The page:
This kind of Spectroscopy identifies chemical bonds in a sample by exposing the it to an infrared laser and recording the different wavelengths at which various chemical bonds absorb, thereby producing an infrared absorption / transmission spectrum. The resulting spectrum produces a profile of the sample, a distinctive molecular fingerprint that can be used to easily scan samples for many different components. See Figure 1.3.
Figure 1.3 - A profile of a sample
Energy-Dispersive X-ray Spectroscopy
Energy-dispersive X-ray spectroscopy (EDS, EDX, or XEDS) is an analytical technique used for the elemental analysis and chemical characterization of a sample. It relies on the interaction of a source of X-ray excitation and the sample being evaluated. Its characterization capabilities are due to the fundamental principle that each element has a unique atomic structure allowing unique set of peaks on its X-ray spectrum. Refer to Figure 1.4
Figure 1.4 - Energy-dispersive X-ray spectroscopy
The data from these two analyses will provide the die caster with sufficient chemical information to identify the source or sources of the contaminant(s) responsible for interfering with the adhesion bond.
The second step is to identify which of the products that come in contact with the casting could be the source(s) of the contaminant(s). The chemical characterization of the contaminant(s) should very helpful in narrowing down the search. For instance, die release agents can contain wax and siloxane components and their presence is easily detected through the FTIR analysis. While excessive an amount of aluminum hydroxide is detected through the EDS analysis.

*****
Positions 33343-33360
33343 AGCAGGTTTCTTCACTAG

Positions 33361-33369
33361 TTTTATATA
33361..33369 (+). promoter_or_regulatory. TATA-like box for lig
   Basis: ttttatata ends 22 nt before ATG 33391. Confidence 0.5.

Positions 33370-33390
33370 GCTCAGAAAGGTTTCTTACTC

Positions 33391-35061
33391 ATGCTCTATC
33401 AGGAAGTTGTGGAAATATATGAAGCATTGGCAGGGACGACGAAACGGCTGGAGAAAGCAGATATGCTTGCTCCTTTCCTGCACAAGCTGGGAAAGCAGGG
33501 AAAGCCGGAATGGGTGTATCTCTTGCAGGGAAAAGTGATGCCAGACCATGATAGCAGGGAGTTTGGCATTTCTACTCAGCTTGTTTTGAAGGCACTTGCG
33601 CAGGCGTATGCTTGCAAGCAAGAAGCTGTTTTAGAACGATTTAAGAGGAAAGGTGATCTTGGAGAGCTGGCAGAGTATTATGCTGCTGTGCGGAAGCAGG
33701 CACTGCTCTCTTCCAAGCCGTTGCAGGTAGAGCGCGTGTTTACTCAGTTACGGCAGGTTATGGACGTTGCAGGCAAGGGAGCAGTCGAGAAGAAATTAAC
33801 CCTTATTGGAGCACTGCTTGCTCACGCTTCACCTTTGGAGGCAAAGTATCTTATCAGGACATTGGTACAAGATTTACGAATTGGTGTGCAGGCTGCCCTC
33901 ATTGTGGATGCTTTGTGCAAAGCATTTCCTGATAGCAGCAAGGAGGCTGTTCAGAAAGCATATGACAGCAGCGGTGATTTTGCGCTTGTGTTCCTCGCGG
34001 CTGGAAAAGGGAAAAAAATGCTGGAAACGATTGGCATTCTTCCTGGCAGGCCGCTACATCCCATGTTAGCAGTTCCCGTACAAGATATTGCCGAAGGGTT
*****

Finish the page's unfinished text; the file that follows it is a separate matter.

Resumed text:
Following is a list of possible sources of contaminants: Table 1.1
- Storage Materials / Cardboard or Plastic
Each of these should be evaluated as possible contributors to the problem.
The third step is to evaluate the pretreatment process.
The pretreatment process is a system designed to remove contaminants, modify the casting surface to be adhesion friendly, and seal the surface for protection against corrosion. Although, there are several different designs of pretreatment systems, the most effective systems incorporate 5 stages or more. See Figure 1.5.
Figure 1.5 - The most effective systems incorporate five or more stages
All of the possible sources of the contaminants listed above come in contact with the casting before it is submitted to the pretreatment process. If there is organic / inorganic contaminant(s) remaining, then the pretreatment system is either not working effectively or it is incapable to address the full range of contaminant(s) being introduced to the system.
Evaluating the Pretreatment Process
The most popular and most used aqueous cleaners used today are the high alkaline cleaners (pH >10.0). Although they are very effective against stubborn soils, most of the alloys used in the casting process (aluminum, zinc and magnesium) are attacked by these high alkaline cleaners and often create a process called smutting. Smutting is where the Caustic of the Cleaner reacts with the surface of the metal forming a layer of metallic oxides and hydroxides on the surface of the casting. This condition is detrimental to adhesion.
Therefore, mild alkaline cleaners containing inhibitors are usually the product of choice.
Concentration of the cleaner should be checked at least 2 times a shift to make sure that it is within the process specifications. Also, system should be periodically dumped and recharged to eliminate excessive build up of soils.
Once a casting has gone through the cleaner stage and been rinsed it is subjected to an acid bath of some type to remove any oxides on the surfaces that may have formed in storage or transportation.